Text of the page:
A boy stands next to a wall along a flooded road in Jakarta, Indonesia, in 2020. Amid climate change, governments should track environmental health risks to children. Photo: EPA-EFE
Siddhi Aryal and Daniel Kass
Siddhi Aryal and Daniel Kass

To protect children from climate change, measure environmental health risks

  • Although environmental risks are a major cause of childhood illness and death in Asia, many governments lack ready access to comparable data
  • Developing children’s environmental health indicators is one way to assess existing conditions and evaluate progress in improving children’s health
Children are the least responsible for climate change and environmental degradation, yet they will bear the greatest brunt of it. One in four deaths of children under five – or 1.7 million deaths a year – can be attributed to environmental hazards. This figure is expected to rise as climate change magnifies the world’s most serious environmental risks.

But as countries seek to mitigate environmental risks, they first need data to help drive the political and popular will to take action.

Even though environmental health risks are a major cause of childhood illness and death in Asia, many governments lack ready access to the specific and internationally comparable data they need to assess existing conditions and evaluate progress in improving children’s health.

One solution is developing children’s environmental health indicators.

An environmental health indicator is a way of presenting summarised, aggregated and nonidentifiable data to describe a population’s health status in relation to environmental factors. By using indicators, countries can begin tracking, assessing and reporting on the impact of the environment on children’s health.

For example, health officials can track the prevalence of childhood asthma as well as indoor air quality in homes, providing data that can be used to design interventions and track their success.


Searing heatwave scorches China, pushing temperature to 42°C

Searing heatwave scorches China, pushing temperature to 42°C

Countries can develop their own indicators based on existing data sources and global evidence of associations between climate, environment and health. Children’s environmental health indicators can describe the presence and distribution of hazards, exposures, social conditions, health and developmental impacts, and government actions to address them.

The indicators can be constructed to be comparable across different geographies – international, national and subnational. For example, many nations collect and summarise air pollutant data in common ways, measure health events like deaths and hospitalisations in similar ways and characterise other environmental risks such as exposure to extreme temperature using the same metrics.
Vital Strategies and Unicef partnered with the governments of China and Myanmar (before the coup) in a multi-stakeholder consultative process to create a recommended list of children’s environmental health indicators – work that was recently named one of the winners of the World Health Organization’s inaugural Western Pacific Innovation Challenge. Even though China and Myanmar have vastly different government systems, populations and environmental threats, the process resulted in many shared indicators and unique ones.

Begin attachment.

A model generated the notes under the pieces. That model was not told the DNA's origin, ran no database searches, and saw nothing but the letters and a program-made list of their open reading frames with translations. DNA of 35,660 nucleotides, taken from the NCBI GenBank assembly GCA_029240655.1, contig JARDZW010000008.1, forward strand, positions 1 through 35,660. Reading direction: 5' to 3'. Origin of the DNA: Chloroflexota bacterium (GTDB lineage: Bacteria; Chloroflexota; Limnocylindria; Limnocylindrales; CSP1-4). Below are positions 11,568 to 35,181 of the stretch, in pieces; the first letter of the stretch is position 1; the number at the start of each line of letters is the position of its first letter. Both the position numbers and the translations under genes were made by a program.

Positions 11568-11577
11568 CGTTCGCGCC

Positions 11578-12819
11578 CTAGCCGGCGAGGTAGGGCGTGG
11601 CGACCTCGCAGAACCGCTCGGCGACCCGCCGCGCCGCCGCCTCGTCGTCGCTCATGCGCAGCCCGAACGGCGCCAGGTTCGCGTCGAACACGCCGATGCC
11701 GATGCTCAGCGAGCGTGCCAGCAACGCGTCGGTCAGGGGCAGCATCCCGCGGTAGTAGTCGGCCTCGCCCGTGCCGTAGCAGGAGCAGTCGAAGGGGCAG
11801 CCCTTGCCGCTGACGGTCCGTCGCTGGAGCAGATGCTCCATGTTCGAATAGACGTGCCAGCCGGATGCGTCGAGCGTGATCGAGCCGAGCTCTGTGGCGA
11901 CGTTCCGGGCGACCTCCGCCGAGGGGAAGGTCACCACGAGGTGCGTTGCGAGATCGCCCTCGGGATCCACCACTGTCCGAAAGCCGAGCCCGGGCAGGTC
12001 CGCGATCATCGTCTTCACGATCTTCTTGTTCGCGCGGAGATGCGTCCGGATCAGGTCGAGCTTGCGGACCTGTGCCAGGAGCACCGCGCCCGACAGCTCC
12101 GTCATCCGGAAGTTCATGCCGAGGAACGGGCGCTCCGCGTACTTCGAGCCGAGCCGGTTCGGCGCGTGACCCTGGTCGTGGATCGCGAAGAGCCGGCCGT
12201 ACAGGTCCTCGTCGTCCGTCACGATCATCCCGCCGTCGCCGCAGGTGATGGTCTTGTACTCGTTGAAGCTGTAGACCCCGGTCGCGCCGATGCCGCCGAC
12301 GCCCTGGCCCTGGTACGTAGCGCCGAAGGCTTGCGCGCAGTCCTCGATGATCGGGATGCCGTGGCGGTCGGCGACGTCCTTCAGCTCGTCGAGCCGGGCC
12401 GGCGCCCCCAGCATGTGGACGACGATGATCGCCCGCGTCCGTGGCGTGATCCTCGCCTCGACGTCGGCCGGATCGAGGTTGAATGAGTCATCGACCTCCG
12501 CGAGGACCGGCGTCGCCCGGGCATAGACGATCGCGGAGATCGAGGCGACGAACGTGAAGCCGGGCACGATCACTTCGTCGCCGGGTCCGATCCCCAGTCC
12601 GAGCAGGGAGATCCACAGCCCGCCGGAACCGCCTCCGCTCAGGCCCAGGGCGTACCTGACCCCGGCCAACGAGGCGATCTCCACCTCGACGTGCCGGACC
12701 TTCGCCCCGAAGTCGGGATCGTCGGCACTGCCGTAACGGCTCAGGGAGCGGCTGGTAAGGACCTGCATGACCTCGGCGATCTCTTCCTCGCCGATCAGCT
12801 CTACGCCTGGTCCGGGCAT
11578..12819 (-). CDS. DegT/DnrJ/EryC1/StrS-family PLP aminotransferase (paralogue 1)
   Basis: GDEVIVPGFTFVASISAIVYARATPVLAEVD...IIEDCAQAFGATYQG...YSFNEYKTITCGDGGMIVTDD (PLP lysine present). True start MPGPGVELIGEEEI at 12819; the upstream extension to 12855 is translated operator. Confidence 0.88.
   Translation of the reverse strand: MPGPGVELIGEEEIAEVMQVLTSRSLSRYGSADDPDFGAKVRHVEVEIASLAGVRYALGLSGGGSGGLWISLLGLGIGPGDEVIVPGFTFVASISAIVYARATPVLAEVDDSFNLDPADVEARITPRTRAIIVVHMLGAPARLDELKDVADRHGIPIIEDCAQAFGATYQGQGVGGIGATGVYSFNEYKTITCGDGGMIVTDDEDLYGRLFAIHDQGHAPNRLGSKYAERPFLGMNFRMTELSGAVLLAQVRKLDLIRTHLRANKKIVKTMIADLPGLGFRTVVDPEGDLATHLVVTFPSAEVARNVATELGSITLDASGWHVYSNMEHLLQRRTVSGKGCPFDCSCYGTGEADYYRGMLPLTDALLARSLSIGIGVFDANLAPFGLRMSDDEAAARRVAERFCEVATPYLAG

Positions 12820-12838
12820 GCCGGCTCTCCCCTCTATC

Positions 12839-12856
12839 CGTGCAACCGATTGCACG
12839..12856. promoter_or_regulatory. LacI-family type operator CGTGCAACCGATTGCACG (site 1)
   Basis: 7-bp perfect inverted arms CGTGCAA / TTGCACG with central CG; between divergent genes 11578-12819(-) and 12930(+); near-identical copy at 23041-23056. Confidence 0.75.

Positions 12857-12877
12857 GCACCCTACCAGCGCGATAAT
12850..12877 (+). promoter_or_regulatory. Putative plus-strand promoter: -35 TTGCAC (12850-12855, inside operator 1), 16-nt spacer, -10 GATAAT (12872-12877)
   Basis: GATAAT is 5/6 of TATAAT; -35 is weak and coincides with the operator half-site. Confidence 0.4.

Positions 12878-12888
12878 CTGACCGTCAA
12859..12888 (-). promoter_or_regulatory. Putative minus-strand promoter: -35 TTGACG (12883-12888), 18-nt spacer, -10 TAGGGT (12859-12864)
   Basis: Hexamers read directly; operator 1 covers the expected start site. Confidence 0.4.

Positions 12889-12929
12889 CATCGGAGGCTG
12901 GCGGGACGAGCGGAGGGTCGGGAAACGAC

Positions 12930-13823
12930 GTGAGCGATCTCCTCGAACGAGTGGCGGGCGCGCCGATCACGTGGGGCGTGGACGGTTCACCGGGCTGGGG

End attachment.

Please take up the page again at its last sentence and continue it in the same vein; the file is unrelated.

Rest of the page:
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This experience is described in “ Promoting Healthy Environments for Children by Using Indicators: A Technical Brief for Countries in the East Asia and Pacific Region”, a document designed to support governments, academia and civil society in developing tracking systems for children’s environmental health indicators.

Indicators can strengthen national environmental risk management capacities to support linked public health and environmental policies. They can help countries achieve the environmental health goals that are part of the UN Sustainable Development Goals.

And the indicators can frame efforts to engage the public in reaching and acting on a common understanding of how to improve the well-being of children. All this, without having to invest in expensive novel data collection and data systems and without waiting the years it takes to conduct new epidemiologic studies.

In this early 2022 image from a video provided by Global Witness, a creek in Myanmar’s Kachin State is lined with trash, pipes and other construction materials from a former rare earth mining site. Local villagers have said water from the creek is no longer usable for drinking. Exposure to contaminated water is one of the indicators that could be tracked. Photo: Global Witness via AP

Carefully selected environmental health indicators can serve as the core of environmental health surveillance. They can quantify the magnitude of a public health problem associated with environmental risk factors; detect trends in environmental exposures and health outcomes; identify subpopulations at risk; generate hypotheses about the relationship between health outcomes and the environment; direct and evaluate measures for control and prevention; evaluate the effectiveness of intervention; and facilitate the development of evidence-based policies and actions.

With children’s environmental health indicators, countries, particularly those most vulnerable to climate and environmental risks, have the opportunity to improve health for our youngest generations.

Inaction is not really a choice any more. If we do nothing, the lives of millions of children will continue to be in danger from environmental degradation and climate change. We encourage local and national governments, philanthropies and children’s advocates to consider the enormous value of a modest investment in tracking children’s environmental health.

Siddhi Aryal is regional director for Asia-Pacific, and Daniel Kass is senior vice-president for environmental health, at the global health organisation Vital Strategies